Lee Adams, Flora Hill

123 Neale Street, Flora Hill (2016)

Open Date
19 & 20 November 2016
Garden Entry

Note: This garden was opened in 2016

Our garden is an example of what can be achieved in suburbia over time with hard work, lots of imagination and a very small budget!

The house was built in 1956 by my grandparents.  Pop had a huge veggie plot where our living room now stands and chooks roamed freely at the rear of the yard.  Because of their efforts, the soil was rich and productive and we’ve continued to top up planting areas with soil from our ample compost heap.

The planting scheme is a mismash of plants that have been grown mainly from seed or cuttings – Japanese maples, native frangipani, English box, salvia and succulents.  The standard holly trees in the back corner were growing in a crack in the path at the front of the house…probably bird droppings from the original tree in the front garden that was removed to make way for the new design.

Olives and citrus trees also feature throughout and we’ve had great success with  herbs planted under the carport, close to the kitchen.

Gardening here has been a fantastic learning curve, one that has led me to establishing my garden design business and to being absolutely passionate about plants, many of which have been tried and tested here.  With a very hectic lifestyle, if they don’t perform, they’re out!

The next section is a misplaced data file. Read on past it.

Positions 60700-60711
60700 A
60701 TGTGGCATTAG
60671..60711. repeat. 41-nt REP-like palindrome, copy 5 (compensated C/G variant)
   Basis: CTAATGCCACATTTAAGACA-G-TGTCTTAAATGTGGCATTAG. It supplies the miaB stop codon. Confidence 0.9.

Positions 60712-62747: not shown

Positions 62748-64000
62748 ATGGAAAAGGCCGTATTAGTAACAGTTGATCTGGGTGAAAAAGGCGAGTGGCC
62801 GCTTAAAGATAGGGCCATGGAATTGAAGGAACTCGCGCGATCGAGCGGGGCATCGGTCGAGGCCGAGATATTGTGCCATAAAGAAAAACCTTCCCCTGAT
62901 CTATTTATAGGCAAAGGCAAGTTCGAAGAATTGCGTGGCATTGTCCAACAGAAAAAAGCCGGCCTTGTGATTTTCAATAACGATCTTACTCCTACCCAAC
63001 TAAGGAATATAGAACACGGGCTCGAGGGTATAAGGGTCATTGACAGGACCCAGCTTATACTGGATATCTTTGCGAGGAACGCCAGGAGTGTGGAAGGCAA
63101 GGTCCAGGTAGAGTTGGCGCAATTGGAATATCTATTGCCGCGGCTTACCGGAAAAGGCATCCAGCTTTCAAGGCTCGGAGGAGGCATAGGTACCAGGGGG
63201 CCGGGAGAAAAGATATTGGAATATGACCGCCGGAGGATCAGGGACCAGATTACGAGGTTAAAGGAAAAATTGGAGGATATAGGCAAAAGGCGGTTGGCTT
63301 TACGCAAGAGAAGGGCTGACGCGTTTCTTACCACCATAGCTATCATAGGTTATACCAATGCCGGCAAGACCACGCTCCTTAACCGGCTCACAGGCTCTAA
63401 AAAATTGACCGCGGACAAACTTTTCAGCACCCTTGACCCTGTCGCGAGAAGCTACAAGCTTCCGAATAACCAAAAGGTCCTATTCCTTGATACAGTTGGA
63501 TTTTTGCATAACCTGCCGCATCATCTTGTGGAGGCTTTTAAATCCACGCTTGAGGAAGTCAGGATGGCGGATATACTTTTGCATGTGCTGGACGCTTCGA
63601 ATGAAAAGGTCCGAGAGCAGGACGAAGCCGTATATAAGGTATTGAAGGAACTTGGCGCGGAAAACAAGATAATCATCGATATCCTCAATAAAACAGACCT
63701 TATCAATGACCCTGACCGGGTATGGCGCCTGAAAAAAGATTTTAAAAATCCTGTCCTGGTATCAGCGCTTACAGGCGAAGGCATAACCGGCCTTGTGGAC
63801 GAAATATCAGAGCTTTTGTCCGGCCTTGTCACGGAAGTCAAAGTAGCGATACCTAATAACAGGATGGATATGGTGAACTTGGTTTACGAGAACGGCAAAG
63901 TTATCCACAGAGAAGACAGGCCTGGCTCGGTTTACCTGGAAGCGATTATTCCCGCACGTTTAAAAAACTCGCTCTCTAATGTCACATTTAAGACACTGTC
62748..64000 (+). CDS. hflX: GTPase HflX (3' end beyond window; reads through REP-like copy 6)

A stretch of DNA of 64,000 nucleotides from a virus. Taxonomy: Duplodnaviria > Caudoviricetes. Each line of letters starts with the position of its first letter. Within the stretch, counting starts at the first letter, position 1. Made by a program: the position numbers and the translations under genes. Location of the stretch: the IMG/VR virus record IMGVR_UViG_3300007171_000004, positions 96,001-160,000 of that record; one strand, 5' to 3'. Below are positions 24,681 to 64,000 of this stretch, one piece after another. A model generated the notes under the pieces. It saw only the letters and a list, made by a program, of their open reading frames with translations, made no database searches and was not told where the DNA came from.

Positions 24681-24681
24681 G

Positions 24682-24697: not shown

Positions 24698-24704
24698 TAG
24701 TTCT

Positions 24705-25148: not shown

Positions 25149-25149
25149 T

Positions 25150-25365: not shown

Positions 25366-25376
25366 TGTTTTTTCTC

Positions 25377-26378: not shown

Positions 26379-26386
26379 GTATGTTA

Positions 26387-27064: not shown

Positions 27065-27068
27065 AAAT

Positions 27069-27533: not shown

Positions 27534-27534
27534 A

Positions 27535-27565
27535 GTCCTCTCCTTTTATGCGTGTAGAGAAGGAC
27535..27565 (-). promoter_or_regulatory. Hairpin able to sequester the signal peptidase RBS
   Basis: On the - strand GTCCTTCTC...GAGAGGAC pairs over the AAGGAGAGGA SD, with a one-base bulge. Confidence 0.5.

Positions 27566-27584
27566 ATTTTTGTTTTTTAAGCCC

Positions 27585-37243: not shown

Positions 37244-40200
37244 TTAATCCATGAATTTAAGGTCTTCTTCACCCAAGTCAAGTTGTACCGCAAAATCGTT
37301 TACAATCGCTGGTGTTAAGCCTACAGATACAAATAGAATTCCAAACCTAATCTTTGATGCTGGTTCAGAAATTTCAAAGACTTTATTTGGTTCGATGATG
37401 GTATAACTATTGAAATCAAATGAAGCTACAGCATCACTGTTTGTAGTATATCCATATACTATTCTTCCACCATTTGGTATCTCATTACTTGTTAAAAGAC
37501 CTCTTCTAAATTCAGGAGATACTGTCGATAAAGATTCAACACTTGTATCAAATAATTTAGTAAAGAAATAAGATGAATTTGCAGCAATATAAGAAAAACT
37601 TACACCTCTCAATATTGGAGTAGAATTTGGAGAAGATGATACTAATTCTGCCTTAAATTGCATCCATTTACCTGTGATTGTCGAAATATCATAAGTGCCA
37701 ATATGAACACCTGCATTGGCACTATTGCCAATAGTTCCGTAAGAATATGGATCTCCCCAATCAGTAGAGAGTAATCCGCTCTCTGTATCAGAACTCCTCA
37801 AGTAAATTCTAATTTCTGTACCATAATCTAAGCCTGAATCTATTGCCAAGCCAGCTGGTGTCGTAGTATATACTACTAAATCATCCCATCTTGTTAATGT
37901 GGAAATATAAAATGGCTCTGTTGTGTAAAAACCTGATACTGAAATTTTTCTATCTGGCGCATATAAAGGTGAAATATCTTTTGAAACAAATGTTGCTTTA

The recent drought brought about my love of succulents – aeonium zwartkop with their near black, plate like flowers, blue chalk sticks (senecio serpens) filling spaces almost overnight and graptopetalum paraguayense whose leaves drop off and start growing, without soil, on the pavers!

The house and garden have undergone many renovations over the years evolving around our family, a home office and sculpture studio/gallery.  Pop’s handmade clothes line is still a feature!

Our carport doubles as a workshop where Barry McLoughlan and I (Wired for Living) create our sculptural pieces.  Our work is featured throughout the garden.

With massed planting almost eliminating weeds, trees shading and cooling the garden and the informality of the design, we have created a very low maintenance garden with its own mini eco system where we and the local wildlife can relax and enjoy life.